RX for K+ Chloride AND Na Chloride

  1. OK so I'm trying to think by KISS (keep it simple stupid)
    I ran across a vented patient the other day that has Sodium Chloride 10ml Q8h IV and Potassium Chloride 20MEQ qd NGT. Na was 141 and K was 4.7 I thought you would give one or the other for electrolyte imbalance...or maybe I am missing something????. Can someone please help me understand the reasoning? I'm a very new nurse and still learning!
    Thanks!
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  2. 12 Comments

  3. by   Wise Woman RN
    Perhaps the NaCl is for a central line flush, done Q8 hours to keep the line open... the KCl is probably a daily med, perhaps the patient is on Lasix or Bumex, and needs the supplement to keep levels normal?? And I would let the MD know about the levels if he doesn't come in and check them daily, or as he orders them...
    Last edit by Wise Woman RN on Nov 15, '07 : Reason: afterthought...
  4. by   ginger58
    Let's KIS! First, the Sodium Chloride would also be expressed in mEq as is the K. Not uncommon at all to treat all electrolytes--usually the Na & the Cl, and at times the K+. A lot of times the Na will reflect hydration of the patient. So if the pt is dry the Na and Cl will be higher. The K+ is a separate thing. K+ resides in the cell and depends on acid-base conditions. If cells are destroyed the K+ is released into the blood and the serum K+ level rises. That why you have to be careful handling a K+ sample so as not to destroy cells. The doc is choosing to give the NaCl IV and the KCl via NGT.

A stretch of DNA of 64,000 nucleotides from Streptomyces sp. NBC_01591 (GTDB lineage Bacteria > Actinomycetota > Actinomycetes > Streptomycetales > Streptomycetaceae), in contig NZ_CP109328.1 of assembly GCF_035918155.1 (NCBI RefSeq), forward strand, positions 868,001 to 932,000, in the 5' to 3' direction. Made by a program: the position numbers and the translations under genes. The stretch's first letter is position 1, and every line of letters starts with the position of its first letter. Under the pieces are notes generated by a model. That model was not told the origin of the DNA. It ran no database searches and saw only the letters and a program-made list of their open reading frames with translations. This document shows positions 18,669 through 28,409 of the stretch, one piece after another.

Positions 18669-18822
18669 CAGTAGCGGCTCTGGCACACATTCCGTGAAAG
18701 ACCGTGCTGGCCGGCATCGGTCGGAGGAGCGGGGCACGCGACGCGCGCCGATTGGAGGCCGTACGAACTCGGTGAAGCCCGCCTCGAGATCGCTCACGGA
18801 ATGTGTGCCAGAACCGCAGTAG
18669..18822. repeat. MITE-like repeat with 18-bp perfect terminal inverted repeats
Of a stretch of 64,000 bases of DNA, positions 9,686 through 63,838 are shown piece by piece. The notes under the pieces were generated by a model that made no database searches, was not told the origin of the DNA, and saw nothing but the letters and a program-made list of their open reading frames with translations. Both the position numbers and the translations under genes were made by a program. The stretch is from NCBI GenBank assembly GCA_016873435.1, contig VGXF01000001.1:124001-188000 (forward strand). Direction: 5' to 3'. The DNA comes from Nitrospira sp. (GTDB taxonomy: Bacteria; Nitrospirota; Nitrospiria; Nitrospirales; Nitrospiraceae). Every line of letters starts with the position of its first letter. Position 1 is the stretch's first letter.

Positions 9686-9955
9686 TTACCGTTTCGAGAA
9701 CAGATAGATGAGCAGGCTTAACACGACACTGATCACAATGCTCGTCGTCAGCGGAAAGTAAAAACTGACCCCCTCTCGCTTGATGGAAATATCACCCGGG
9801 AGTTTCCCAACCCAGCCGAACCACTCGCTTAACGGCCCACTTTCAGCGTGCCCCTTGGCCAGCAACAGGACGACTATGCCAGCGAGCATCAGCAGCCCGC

Depending on the drugs the patient is on (ex. Lasix) or if he has GI losses the doc is trying to keep up with the K+. K+ is hard on veins so this is probably why he's giving it via tube.
    Some standard IV solutions will have both electrolytes in.
    This will come more readily to you as time goes on. Lytes are a very important lab for the nurse to know normal values and to notify the doc asap if the lytes are out of wack. Best.